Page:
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The Grayling spawns about April, making its way afterwards to the tails of sharp scouers till the middle of May; unlike the Trout, they do not dwell in rapid shallow torrents, but require a combination of pool and stream, the former for a resting place, with a gradually declining shallow below, and a somewhat rapid stream above; the bottom of gravel mixed with marl and loam, this being favourable to the growth of the insect food on which they principally live. Grayling seldom exceed three pounds in weight; when first taken out of the water presenting a beautiful violet tint, with dusky lines along the sides, and the belly a pearly white; the tail and fins are a purply colour. The best months for fly-fishing are from July to November, and from then till March for bottom-fishing, but when the water is clear, they will rise at a fly more or less, through the winter. One essential point is to fish fine, using the very finest gut, though the Grayling lies deeper and is not so shy a fish as the Trout; as it will sometimes rise a dozen times at the same fly, in as many successive casts, provided the angler stands back out of its sight.

The best Grayling Rivers as those of the Midland Counties, such as the Dove, Teme, &c. Great numbers of Grayling have been introduced into the Thames, within the last year or two for the purpose of stocking that river; with what result remains to be seen. Though with the great development of the science of Pisciculture, and the quantity of breeding apparatus at the disposal of the Thames Angling Preservation Society, this beautiful fish ought in time to become naturalized; so as to take the place of the Trout during the time this fish is out of season, being considered as much an autumn and winter fish, as the Trout is belonging to spring and summer. Grayling do not bound out of the water or jump at the bait like the Trout, but will rise with great velocity to the top of the water to seize the fly, descending with equal rapidity to the bottom, the dorsal-fin, used for this purpose, being remarkably large. The best Flies are the hackles, partridge, dun, black, red, &c.; small blue dun and hare's ear flies, march-brown and sand flies. When the water its clear and smooth, they will take a dun-gnat tipped with gold tinsel, beneath the surface, using a very fine casting-line and allowing it to float with the current; you will not see a "rise" but a peculiar curl in the water, which with a little practice you will understand equally well. In the winter, when the weather is warm, they will rise for an hour or two in the middle of the day at dun-gnats and very small soldier palmers. The artificial grasshopper is an excellent bait; the following semi-artificial bait is sometimes very successful - the shank of a No. 6 hook is partially covered with lead, and then whipped with light green floss silk, a piece of split straw- should be bound on either side with a ribbing of yellow silk. Place a real grasshopper on the bend of the hook, and use it either with, or without, a very small quill float, which must be just large enough to carry the amount, of lead on the hook without extra shot.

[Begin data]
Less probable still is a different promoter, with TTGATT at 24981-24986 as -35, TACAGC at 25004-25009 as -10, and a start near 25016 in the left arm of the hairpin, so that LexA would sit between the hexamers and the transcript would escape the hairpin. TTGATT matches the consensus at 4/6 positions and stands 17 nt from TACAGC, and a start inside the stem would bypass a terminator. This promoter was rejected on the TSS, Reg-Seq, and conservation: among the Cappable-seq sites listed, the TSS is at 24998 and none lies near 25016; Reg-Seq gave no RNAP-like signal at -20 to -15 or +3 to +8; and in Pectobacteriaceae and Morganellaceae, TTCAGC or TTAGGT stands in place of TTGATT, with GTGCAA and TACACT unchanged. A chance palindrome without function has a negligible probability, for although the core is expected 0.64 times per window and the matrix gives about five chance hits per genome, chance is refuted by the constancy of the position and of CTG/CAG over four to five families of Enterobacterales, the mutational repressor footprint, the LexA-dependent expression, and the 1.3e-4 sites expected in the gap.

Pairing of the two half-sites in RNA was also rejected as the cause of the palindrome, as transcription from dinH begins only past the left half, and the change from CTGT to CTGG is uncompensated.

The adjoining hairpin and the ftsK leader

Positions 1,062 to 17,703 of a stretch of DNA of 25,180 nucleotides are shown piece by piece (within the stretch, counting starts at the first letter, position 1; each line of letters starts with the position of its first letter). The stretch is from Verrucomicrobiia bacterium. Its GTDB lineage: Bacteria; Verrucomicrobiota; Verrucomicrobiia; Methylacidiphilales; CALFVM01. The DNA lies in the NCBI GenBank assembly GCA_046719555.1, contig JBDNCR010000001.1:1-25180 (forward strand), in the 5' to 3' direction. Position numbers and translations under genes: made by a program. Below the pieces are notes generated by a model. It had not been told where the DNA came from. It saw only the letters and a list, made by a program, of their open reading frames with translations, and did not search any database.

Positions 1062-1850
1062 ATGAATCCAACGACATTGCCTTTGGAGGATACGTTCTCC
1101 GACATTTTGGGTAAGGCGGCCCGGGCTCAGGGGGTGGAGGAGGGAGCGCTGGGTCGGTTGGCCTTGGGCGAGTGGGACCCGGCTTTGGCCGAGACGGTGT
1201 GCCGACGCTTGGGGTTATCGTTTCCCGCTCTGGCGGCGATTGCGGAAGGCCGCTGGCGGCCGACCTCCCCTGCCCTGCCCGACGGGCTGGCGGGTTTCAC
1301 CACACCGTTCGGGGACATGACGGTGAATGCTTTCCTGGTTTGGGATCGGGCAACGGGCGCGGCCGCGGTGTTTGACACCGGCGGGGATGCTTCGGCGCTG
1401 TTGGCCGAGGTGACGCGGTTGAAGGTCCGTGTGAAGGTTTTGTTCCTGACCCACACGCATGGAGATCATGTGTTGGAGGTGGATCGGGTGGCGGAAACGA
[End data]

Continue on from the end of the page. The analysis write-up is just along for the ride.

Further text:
The liod for bottom-fishing should be of light cane, and about twelve feet in length; the winch line should be fine prepared plaited silk. Use a very tine three yard gut line and a quill float; if you fish with gentles, or wasp grubs, use a No. 9 hook, if with red worms No. 7 or No. 8. Fish about, two inches from the bottom, letting your float swim as steadily as possible; if you fish with gentles, throw in a few occasionally, just above the swim; when using worms, throw in a few chopped worms, not many at a time, but. a very small quantity often. Grayling, when hooked, require gentle hand ling; having a tender mouth, unless carefully treated, the hold will frequently break away.

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